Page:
तेरह भाषाएँ. दस सिद्धांत. एक वार्तालाप.
We regularly highlight comments that have made an impression on us. Antoon de Baets left an insightful response to Josie Appleton's discussion of memory laws in France.
The forthcoming trial of Kenyan broadcaster Joshua Arap Sang poses vital questions about the connections between words and violence, argues Katherine Bruce-Lockhart.
Should a world famous actress be allowed to denounce an ‘overpopulation’ by foreigners? By Michèle Finck.
At the 2013 Jaipur Festival, Ian Buruma, Reza Aslan, Ahdaf Souief and Timothy Garton Ash, in conversation with Shoma Chaudhury, talk about the relationship between religion and politics and how to deal with religious threats to free speech.
At the invitation of Index of Censorship and the Editors Guild of India, Timothy Garton Ash joins Kirsty Hughes at a panel discussion in Delhi with Shri Ajit Balakrishnan, Shri Sunil Abraham and Ramajit Singh Chima.
Human Rights activist Aryeh Neier speaks about the future of free speech.
Robert Simpson suggests a way to distinguish between harm and offence.
The online campaign Nothing Holy About Hatred takes a faith-based approach to combat homophobia. But, Brian Pellot argues, hatred is enshrined in many religious texts.
The Hrant Dink Foundation has run the Media Watch on Hate Speech project since 2009 to counter racist and discriminatory discourse in Turkish press. Project coordinators Melisa Akan and Nuran Agan explain the initiative.
Romedia Foundation aims to disseminate an insider's view of Romani issues, empower Romani activists and challenge stereotypes through new media.
The speed and ubiquity of mobile devices have changed the context of "hate speech" online, writes Peter Molnar.
Claus Leggewie and Horst Meier explain why memory laws are the wrong way for Europeans to remember and debate their difficult pasts.
Acclaimed Turkish author Elif Shafak discusses the limits to free speech, the cosmopolitanism of her novels and the art of coexistence.
In 2011, a South African court banned the anti-apartheid song "Shoot the Boer" after ruling it hate speech, writes Nimi Hoffmann.
In 2011, the US supreme court ruled in favour of the anti-gay church's right to protest at military funerals, writes Casey Selwyn.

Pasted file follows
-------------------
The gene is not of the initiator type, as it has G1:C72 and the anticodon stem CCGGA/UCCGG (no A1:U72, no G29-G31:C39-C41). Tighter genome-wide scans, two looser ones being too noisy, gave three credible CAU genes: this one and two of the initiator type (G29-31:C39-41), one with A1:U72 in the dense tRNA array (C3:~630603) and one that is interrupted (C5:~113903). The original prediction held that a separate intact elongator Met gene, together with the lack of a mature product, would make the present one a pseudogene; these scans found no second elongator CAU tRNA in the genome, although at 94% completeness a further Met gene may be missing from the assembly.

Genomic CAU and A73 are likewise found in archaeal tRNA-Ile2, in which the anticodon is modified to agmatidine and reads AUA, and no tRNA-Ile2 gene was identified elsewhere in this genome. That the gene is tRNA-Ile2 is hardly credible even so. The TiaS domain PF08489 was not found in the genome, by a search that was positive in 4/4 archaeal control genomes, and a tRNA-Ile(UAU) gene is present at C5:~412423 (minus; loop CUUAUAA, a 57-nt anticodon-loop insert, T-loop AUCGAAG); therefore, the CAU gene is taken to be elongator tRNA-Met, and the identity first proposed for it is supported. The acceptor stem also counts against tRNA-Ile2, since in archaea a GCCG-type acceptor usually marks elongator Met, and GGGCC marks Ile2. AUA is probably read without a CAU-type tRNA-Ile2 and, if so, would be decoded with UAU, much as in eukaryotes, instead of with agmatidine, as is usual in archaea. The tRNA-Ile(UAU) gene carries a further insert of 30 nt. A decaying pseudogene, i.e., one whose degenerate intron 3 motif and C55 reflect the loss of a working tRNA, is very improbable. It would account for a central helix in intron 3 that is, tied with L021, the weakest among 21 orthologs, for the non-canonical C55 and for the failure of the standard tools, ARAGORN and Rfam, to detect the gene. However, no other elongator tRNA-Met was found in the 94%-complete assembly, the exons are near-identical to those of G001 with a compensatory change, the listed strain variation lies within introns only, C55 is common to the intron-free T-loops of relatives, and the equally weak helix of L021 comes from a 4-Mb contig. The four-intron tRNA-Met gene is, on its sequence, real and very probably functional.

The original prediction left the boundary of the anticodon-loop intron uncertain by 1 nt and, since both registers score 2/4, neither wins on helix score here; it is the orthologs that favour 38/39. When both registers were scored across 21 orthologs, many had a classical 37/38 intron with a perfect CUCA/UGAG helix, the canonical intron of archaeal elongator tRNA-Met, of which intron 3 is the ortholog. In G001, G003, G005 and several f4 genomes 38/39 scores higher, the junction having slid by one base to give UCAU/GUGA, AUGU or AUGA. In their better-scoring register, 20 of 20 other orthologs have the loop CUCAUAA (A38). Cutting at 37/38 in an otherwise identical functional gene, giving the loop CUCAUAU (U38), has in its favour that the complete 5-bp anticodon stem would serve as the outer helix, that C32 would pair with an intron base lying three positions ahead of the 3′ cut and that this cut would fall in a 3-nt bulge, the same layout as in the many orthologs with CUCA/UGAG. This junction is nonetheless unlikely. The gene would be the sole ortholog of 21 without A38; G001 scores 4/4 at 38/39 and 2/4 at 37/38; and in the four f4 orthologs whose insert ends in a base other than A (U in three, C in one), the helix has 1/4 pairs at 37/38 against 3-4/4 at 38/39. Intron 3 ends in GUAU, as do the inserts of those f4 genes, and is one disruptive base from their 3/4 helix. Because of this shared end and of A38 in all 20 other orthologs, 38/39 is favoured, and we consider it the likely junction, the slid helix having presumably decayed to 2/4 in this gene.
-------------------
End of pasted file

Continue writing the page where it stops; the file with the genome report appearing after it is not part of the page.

The online retailer has been criticised for profiting from ebooks featuring terror and violence. No one should tell us what to read, says Jo Glanville.
Free Speech Debate's 10 draft principles benefit those in positions of privilege and power, writes Sebastian Huempfer.
Restrictions on hate speech are not a means of tackling bigotry but of rebranding often obnoxious ideas or arguments are immoral, argues writer Kenan Malik.
Killer Anders Behring Breivik's testimony should be broadcast live to deter extremism, argues Anne Ardem, executive editor at Norwegian state broadcaster NRK.
In the first past of this debate, research fellow Kerem Öktem argues that an individual's understanding of free speech is shaped by their personal history and geography.
The director of civil liberties group Liberty calls for a review of all speech crime legislation in the UK.
Hate speech legislation chills freedom of expression more than it protects vulnerable minorities. Free speech lawyer Ivan Hare takes issue with Jeremy Waldron.
In this interview with Timothy Garton Ash, Susan Benesch, senior fellow at the World Policy Institute, makes a distinction between hate speech and dangerous speech.
"If you don't ever feel hate, you have a broken personality," says Canadian lawyer and publisher Ezra Levant.
Jeremy Waldron, professor of social and political theory at Oxford University, argues the case for legislation against hate speech
A trio of human rights experts elaborate on the definition of dangerous speech and consider how hate speech is protected both in Europe and under the first amendment in the US.
The execution of apostates should be annulled but insulting religion should be recognised as a crime, writes Iranian cleric Mohsen Kadivar.
Professor Ayşe Kadıoğlu of Sabancı University speaks of her experience growing up in Turkey where taboos, many imposed by law, have trapped citizens "in a state of immaturity".
The president of the Open Society Foundations talks about free speech as a universal aspiration, group libel and the Skokie controversy.